Thursday, January 13, 2011
There is a line from a poem by a 5th century Chinese poet, Hsieh Ling-yun which makes reference to a state of life that is “Wandering a place beyond knowing.” Our visit to China has been just that in so many different ways. Yet we are getting to know a people and a culture within this place, and it makes our hearts glad.
After a lecture on ancient Taoist principles of balance in food for healthy living, we visited the open herb market where large bags of beautiful mushrooms and spices, roots and branches of various shapes, colors and smells were open to see and enjoy. Owners, families and children were in each stall and people were pushing whole sale containers into place. All of it made for an amazing cultural experience as we began to enter the rich tradition of “wholeness and healing” as experienced in Chinese culture.
This experience was followed by a lunch that gave us a very specific sense of how the herbs are used in the preparation of one great tasting meal after another. The balance in food addressed the basic needs of the soul to live in concert with what the earth creates. In some way or another we were all back in the Garden of Eden and we left the meal graced by the tradition.
We then visited the Guangxiao Temple and Zen Monastery. It has a rich tradition that reaches back 1700 years. Our guide was a monk who serves as the Guest Host. While we thought he was leading us through the buildings and spaces of the monastery, we later realized that he was creating space for relationship in which we could “wander a place beyond knowing” with him.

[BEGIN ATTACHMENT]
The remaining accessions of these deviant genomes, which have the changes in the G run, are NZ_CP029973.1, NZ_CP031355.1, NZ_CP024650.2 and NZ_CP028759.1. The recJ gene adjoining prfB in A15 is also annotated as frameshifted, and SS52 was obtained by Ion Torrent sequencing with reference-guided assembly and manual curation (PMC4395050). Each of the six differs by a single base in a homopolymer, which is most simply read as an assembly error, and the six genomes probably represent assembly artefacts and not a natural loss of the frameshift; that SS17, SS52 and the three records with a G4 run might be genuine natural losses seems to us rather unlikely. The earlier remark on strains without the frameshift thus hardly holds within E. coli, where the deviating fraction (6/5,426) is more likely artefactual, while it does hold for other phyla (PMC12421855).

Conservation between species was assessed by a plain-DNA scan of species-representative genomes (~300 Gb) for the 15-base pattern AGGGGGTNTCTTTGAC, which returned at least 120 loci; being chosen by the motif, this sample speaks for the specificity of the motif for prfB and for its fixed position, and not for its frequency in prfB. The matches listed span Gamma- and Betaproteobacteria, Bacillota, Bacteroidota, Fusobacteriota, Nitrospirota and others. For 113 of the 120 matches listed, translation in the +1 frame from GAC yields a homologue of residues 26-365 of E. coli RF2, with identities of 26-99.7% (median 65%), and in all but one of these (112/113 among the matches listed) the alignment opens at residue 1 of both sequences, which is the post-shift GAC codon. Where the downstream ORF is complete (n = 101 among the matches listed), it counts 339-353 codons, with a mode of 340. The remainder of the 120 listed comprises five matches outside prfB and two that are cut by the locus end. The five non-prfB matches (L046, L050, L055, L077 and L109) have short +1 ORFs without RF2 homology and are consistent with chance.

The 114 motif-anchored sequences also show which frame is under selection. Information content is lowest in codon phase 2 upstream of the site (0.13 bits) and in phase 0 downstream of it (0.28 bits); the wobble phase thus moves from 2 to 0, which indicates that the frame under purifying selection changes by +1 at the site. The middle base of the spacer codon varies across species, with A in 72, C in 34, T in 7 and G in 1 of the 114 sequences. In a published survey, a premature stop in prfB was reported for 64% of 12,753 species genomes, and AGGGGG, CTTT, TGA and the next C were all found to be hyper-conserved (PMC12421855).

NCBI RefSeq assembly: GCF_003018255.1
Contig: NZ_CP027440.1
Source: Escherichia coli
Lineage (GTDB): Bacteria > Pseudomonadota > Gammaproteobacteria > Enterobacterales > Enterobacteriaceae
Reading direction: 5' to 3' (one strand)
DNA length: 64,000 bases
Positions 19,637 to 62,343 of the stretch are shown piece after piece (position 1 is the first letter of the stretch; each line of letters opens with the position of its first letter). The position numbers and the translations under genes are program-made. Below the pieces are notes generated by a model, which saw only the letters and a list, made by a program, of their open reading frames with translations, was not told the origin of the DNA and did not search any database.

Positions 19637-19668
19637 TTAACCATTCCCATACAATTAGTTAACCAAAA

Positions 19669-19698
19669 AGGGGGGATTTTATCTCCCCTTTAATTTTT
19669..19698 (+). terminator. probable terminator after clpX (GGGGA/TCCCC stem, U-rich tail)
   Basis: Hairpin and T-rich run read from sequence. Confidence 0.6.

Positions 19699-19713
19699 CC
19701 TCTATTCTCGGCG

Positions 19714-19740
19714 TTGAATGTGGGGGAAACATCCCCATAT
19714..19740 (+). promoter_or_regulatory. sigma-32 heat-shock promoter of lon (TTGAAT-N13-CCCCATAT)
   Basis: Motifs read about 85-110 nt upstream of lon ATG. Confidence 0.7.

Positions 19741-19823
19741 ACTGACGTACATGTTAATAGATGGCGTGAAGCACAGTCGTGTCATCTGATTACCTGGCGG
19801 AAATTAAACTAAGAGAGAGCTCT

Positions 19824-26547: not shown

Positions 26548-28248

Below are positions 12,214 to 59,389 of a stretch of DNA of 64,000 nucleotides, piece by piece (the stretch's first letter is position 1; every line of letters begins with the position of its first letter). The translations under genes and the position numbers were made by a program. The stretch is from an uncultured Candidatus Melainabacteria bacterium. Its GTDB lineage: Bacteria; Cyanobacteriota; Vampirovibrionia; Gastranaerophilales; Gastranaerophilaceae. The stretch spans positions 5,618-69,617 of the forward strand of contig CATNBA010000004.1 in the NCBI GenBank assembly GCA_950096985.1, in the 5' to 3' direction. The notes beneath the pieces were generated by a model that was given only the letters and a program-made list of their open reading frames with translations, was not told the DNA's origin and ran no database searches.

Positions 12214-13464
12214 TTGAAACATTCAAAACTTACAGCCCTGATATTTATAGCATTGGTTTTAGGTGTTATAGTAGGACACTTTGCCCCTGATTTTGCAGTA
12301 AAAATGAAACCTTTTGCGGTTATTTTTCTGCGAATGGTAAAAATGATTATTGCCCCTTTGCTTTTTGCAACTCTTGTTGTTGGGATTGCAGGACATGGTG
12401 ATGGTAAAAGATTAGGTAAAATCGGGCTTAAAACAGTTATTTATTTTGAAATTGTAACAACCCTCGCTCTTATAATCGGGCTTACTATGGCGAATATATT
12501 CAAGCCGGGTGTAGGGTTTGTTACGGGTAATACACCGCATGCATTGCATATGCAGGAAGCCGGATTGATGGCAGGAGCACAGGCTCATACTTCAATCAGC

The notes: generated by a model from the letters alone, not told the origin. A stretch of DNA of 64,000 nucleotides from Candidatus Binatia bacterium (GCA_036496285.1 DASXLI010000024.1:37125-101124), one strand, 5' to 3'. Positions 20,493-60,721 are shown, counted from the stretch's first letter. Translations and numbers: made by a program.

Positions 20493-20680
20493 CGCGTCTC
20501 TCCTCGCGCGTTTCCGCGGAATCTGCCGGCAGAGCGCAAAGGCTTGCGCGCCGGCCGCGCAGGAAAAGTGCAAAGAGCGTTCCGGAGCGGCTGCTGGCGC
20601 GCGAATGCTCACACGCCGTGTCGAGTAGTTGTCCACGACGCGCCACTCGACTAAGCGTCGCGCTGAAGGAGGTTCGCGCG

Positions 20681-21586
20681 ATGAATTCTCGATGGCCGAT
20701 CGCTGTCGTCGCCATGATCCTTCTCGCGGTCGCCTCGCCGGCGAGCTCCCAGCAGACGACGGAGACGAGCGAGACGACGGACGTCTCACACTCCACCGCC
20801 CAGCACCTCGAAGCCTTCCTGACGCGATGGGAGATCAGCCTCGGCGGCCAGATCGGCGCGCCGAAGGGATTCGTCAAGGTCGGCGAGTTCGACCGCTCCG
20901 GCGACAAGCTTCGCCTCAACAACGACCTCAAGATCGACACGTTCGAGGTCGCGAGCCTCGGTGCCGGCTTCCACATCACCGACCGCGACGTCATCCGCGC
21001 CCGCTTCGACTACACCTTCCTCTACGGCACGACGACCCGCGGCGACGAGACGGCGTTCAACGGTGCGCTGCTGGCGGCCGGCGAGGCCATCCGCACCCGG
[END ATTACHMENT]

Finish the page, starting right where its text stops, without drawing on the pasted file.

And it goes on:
Their 6th patriarch in the 7th century said "Your heart is your Buddha," which is a key thought for the monks of the temple.
A large statue of Buddha is central in the temple, and he is flanked by two historical figures: his nephew Ananda who memorized Buddha's sayings, and Kasyapa, whose life embodied the hard, disciplined way. Symbolic representations of Wisdom and Compassion flanked them.
|Main hall of the temple|
Radical Hospitality was recognized in the Guest Host, an amazing gift we graciously received.
Our meal together following the visit to the Temple was a wonderful opportunity to eat together and later to pray as a Pilgrim People, sensing the wider compassion and the deeper wisdom in which we wander throughout our lives. Open before us is the awareness that the Spirit moves among us as we wander in a place beyond complete knowing. And so we resonate and realize our own growing as we share with this great people in this amazing land.
Our thoughts begin where words end,
refining dark-enigma depths.”
--Po-Chu-i, 9th Century poet